The Planet, Winter 2002, Source to Sea: The Nooksack River
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Western Washington University. Associated Students; Huxley College of the Environment; Huxley College of Environmental Studies
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Western Washington University
Associate Editors: Kate Koch, Sarah Loehndorf; Science Editor: Colin Dietrich; Designers: Mary Berkley, Kelsi Giswold; Staff Photographers: Chris Goodenow, Quoc Tran; Staff Writers: Adam Argento, Alison Bickerstaff, Matt Bucher, Jenny Buening, Eric Conn, Gerald Craft, Carley Graham, Tam Huynh, Vivian Lian, Paul Olund, Amanda Patterson, Kim Voros; Planet Radio Producer: Alyson Chapin; Planet Radio Reporters: Eric Conn, Josh Haupt, Bradley Pavlik; Online Editor: Kate Granat
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Resources made available by The Planet and Special Collections, Heritage Resources, Western Libraries, Western Washington University.
Table of Contents
The Nooksack: Winding through History. In Whatcom County’s short history, the Nooksack River plays a leading role, shaping the communities that have grown up on its shores and in its watershed. By Tam Huynh
Stewardship. Though the metamorphosis from small farm to agribusiness has unsettling environmental consequences, recent progress gives some reason for hope. By Amanda Patterson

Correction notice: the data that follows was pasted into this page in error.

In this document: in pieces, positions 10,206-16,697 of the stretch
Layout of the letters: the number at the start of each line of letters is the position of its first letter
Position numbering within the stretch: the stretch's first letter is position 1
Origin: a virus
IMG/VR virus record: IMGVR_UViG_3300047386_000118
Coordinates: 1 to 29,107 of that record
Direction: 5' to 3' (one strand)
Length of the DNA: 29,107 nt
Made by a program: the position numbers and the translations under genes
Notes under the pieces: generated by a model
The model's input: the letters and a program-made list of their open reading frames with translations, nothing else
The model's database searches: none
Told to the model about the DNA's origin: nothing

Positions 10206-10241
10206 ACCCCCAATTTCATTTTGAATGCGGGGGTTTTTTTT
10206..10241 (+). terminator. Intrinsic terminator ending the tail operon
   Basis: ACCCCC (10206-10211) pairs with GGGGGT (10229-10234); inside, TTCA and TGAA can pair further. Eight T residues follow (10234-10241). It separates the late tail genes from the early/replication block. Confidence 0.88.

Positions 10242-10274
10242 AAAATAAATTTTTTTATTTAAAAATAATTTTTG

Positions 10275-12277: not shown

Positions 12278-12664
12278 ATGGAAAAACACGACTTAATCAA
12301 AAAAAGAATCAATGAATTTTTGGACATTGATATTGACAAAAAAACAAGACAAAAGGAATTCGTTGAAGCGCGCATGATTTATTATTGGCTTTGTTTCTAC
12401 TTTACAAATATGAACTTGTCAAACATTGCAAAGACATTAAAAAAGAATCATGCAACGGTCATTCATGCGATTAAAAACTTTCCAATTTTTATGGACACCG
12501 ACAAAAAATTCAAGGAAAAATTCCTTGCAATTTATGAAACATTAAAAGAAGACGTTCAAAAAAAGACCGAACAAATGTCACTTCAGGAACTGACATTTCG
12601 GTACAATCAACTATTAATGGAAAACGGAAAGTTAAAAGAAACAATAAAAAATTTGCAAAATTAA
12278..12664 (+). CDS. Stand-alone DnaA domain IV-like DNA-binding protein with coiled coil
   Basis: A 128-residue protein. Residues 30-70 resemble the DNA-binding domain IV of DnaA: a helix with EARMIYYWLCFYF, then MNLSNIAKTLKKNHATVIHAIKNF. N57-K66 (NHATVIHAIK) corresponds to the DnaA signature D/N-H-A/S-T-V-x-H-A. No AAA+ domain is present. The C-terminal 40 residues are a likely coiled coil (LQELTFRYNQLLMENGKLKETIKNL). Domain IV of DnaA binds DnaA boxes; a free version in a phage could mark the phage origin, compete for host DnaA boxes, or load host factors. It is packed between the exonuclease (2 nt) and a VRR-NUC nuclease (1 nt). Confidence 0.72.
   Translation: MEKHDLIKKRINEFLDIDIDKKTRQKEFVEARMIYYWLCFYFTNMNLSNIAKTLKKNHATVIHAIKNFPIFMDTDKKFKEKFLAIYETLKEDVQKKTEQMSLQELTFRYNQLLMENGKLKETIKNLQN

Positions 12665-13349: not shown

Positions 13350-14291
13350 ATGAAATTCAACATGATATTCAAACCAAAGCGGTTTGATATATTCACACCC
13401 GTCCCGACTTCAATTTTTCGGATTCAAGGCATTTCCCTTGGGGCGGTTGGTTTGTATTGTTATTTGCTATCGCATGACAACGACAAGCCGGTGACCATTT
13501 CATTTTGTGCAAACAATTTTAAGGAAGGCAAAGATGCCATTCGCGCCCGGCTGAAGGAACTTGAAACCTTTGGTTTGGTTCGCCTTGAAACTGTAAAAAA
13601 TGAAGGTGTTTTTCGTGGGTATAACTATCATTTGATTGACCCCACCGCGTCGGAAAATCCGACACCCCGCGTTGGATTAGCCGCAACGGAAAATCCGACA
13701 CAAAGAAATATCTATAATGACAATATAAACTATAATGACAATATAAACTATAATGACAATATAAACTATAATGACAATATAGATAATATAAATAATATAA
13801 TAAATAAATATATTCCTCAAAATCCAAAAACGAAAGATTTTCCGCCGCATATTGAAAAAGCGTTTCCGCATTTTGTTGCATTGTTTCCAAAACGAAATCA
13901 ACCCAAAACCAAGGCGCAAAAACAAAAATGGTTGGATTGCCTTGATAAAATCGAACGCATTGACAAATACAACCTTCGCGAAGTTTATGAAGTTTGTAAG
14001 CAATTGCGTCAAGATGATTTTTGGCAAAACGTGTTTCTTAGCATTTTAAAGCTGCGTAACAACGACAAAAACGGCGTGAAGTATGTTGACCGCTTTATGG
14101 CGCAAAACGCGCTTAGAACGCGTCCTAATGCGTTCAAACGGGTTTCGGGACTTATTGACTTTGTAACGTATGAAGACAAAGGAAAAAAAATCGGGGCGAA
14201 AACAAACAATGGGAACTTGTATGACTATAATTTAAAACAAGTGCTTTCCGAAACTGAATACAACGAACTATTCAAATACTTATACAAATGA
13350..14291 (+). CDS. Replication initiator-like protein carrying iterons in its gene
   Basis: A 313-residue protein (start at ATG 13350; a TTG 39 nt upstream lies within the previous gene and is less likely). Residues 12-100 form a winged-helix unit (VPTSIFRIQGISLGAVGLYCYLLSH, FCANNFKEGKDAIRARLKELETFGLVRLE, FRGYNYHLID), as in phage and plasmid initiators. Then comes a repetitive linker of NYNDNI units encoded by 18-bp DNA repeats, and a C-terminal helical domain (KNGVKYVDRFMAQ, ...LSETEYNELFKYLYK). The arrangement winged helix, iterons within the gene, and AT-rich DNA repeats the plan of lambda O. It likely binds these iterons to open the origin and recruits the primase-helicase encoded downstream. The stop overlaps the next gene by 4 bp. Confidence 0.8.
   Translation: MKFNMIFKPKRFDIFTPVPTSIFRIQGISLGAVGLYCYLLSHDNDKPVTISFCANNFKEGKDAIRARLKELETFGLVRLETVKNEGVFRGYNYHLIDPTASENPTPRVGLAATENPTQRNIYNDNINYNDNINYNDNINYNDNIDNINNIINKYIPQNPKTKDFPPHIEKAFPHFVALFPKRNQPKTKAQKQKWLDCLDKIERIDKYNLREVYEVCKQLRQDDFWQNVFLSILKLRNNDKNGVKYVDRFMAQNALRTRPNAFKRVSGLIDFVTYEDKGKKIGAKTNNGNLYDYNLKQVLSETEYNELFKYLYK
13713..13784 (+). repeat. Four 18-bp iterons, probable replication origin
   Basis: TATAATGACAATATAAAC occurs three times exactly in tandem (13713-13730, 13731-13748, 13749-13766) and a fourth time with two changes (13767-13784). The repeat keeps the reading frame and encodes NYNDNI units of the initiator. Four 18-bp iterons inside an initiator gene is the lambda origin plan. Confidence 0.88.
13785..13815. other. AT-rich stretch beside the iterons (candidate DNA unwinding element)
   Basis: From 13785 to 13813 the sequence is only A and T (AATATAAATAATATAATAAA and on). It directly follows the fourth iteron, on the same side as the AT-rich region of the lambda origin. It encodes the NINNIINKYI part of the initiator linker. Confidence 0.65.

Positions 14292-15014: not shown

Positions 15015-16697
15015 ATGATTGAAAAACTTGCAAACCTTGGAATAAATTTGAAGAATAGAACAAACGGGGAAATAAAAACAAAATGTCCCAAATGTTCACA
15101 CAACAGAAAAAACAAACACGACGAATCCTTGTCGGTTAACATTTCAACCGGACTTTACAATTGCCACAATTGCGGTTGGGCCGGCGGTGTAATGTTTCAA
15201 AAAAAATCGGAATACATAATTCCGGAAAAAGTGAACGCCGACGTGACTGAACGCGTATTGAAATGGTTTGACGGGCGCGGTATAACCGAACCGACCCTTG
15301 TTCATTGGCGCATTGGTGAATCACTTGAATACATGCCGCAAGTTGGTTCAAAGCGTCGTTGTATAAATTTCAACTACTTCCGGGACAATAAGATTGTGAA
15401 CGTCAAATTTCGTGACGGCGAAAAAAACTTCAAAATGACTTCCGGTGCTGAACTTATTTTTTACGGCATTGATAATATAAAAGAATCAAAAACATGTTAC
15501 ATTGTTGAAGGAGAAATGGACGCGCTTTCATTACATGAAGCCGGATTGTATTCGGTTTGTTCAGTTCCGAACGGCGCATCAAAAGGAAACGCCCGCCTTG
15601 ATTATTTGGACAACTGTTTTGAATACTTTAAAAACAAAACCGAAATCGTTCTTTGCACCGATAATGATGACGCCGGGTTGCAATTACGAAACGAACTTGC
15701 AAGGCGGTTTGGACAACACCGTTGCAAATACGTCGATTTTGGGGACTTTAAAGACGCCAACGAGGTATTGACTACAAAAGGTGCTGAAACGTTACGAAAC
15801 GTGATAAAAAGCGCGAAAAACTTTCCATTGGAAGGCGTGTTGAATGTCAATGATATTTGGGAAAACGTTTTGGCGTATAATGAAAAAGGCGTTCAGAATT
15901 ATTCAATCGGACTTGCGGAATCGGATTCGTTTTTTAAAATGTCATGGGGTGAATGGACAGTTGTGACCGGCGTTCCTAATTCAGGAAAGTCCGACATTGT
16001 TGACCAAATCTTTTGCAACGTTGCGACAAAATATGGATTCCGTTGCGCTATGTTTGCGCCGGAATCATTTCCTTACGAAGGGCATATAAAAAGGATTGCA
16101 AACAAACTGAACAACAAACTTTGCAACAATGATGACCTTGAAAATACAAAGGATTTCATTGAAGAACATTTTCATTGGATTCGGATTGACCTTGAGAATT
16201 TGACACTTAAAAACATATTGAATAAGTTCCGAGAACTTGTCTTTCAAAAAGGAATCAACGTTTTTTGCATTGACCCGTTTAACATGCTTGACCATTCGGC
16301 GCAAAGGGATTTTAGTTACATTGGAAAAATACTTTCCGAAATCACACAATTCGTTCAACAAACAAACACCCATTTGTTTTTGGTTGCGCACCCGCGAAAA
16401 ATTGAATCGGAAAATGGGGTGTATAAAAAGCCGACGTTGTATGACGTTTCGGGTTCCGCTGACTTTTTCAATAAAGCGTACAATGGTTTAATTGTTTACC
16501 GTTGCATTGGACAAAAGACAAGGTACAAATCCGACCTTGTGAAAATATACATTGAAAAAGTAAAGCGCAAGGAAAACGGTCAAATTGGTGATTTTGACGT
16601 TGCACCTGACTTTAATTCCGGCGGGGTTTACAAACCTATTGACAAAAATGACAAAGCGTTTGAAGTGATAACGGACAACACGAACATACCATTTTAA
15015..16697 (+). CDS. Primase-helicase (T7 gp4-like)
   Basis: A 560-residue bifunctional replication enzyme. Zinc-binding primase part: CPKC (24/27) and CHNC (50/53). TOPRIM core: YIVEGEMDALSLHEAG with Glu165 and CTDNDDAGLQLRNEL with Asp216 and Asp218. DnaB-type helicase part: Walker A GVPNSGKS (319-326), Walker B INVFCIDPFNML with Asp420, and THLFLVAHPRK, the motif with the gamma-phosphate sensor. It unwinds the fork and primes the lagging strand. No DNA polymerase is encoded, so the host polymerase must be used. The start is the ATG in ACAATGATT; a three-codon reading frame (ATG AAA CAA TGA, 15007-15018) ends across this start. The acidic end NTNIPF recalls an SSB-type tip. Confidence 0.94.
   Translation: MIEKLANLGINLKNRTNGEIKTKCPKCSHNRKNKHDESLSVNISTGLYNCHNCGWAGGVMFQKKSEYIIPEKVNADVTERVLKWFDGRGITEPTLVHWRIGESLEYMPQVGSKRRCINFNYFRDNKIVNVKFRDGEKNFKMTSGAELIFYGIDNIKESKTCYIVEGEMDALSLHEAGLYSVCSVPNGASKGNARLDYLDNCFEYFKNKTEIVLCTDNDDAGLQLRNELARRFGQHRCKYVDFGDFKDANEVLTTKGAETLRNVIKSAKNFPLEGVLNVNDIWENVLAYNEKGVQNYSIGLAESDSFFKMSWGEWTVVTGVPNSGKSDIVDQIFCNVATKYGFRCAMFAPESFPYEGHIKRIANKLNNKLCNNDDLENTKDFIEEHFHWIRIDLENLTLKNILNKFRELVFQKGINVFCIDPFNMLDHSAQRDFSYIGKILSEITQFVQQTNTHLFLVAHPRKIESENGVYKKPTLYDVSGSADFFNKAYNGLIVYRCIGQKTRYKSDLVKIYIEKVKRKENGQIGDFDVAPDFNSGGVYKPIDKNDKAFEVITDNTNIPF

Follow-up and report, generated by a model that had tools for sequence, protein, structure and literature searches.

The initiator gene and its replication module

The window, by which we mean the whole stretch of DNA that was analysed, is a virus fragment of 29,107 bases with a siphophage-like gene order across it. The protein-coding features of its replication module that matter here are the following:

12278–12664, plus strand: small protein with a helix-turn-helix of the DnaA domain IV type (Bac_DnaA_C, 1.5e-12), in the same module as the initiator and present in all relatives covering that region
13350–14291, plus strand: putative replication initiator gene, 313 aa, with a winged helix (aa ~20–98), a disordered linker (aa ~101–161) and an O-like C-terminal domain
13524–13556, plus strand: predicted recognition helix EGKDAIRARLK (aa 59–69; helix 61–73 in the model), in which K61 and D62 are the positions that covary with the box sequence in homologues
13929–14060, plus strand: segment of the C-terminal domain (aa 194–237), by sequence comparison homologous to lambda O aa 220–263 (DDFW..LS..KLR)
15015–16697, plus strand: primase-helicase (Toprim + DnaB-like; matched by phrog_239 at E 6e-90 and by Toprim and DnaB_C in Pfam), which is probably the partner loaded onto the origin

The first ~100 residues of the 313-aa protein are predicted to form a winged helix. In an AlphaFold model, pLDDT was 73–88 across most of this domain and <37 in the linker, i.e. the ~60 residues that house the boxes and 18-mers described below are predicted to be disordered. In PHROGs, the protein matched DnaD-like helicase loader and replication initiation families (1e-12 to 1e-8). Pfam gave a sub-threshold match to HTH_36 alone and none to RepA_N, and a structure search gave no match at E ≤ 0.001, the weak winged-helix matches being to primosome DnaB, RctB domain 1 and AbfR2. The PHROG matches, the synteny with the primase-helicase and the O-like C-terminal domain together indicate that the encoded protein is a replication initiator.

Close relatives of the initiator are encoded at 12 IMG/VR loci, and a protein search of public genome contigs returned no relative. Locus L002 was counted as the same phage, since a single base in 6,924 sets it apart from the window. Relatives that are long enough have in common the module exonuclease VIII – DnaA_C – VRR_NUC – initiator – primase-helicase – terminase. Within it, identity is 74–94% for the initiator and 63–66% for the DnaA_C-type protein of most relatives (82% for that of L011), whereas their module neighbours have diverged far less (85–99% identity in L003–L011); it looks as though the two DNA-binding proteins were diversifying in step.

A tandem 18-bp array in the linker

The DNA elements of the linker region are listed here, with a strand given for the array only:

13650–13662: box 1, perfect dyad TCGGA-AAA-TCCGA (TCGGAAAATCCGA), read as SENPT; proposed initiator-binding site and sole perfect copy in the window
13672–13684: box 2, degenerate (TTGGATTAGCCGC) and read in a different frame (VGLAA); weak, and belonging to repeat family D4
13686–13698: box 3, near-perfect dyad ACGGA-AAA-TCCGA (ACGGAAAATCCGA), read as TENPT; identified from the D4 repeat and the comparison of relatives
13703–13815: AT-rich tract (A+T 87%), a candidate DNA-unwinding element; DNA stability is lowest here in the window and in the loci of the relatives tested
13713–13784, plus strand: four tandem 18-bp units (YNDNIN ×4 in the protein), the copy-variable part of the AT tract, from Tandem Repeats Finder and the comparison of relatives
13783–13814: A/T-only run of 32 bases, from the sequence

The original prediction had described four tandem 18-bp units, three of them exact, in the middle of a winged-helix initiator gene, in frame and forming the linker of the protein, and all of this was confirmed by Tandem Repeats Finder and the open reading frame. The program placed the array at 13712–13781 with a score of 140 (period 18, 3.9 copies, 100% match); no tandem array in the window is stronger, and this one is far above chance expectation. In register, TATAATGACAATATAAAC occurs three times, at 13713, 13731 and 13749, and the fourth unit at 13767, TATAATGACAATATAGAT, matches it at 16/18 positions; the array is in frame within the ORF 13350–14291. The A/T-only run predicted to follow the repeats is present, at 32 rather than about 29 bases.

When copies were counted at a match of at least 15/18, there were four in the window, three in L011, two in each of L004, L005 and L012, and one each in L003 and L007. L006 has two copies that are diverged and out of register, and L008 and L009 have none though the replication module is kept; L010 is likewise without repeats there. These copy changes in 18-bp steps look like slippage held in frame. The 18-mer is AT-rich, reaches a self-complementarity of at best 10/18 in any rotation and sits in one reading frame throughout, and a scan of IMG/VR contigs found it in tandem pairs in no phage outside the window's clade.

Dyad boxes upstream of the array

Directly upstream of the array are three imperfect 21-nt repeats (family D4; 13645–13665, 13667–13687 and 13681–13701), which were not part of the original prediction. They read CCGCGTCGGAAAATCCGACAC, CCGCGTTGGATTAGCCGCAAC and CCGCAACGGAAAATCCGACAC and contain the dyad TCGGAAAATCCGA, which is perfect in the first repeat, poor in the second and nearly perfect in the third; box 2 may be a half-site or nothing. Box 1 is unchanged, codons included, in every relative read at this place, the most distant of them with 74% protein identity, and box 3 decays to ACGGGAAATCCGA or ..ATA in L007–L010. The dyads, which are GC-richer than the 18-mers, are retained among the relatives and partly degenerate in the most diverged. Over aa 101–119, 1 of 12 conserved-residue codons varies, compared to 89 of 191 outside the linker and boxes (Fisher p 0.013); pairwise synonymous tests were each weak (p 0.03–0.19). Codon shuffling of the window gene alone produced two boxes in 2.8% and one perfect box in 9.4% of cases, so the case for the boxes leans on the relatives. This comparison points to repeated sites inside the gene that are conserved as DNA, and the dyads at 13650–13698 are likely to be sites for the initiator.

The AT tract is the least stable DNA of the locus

Slopes and Boats. From the Mount Baker Banked Slalom to the Ski-to-Sea relay race, the Nooksack watershed provides the region with countless recreational outlets. By Vivian Lian
Wretched Water. Torn between development and conservation. Lake Whatcom’s future is in jeopardy, and with it the futures of more than 85,700 people who drink from it. By Matt Bucher
The Primary Compound. Water is an integral part of everyday life. All life in Whatcom County drinks it and plays in it. Photographs by Sarah Galbraith & Chris Goodenow
‘Totally Unacceptable’. When, on Dec. 14, 2001, raw sewage was discharged onto Sudden Valley Golf Course, few were left to wonder why the situation is “totally unacceptable.” By Alison Bickerstaff
Assessing Value. Regulations on the timber industry are now commonplace, but they may not prevent disasters like the 1983 mudslides which ravaged Whatcom County. By Gerald Craft
Brink of Extinction. Salmon in the Nooksack River were a defining element of Whatcom County; but today, they may only exist because of fish hatcheries intervention. By Carley Graham
From the Ashes. While Whatcom Creek recovers from the 1999 explosion, three families grieve for their lost sons and wait for meaningful pipeline-safety regulation. By Jenny Buening
Everybody’s Problem. When cancerous growths and sores were found in fish grown in a Lummi fishery, the tribe was forced to shut down another part of a system that once sustained it. By Paul Oland
An Overdue Solution. Bellingham Bay’s resurrection may be at hand. After six years of looking, a government and industry consortium has found a way to bring life back to the dead bay. By Kim Voros
Publication at Western Washington University
Environmental Sciences | Higher Education | Journalism Studies
Huxley College of the Environment, Western Washington University, Student publication, Ecology, Environmental Studies
Pulkkinen, Levi and Huxley College of the Environment, Western Washington University, "The Planet, 2002, Winter" (2002). The Planet. 36.
Human ecology – Washington (State)—Periodicals; Ecology—Washington (State) – Periodicals; Western Washington University--Students--Periodicals and Huxley College of the Environment -- Students --Periodicals.
Western Washington University; Huxley College of the Environment.
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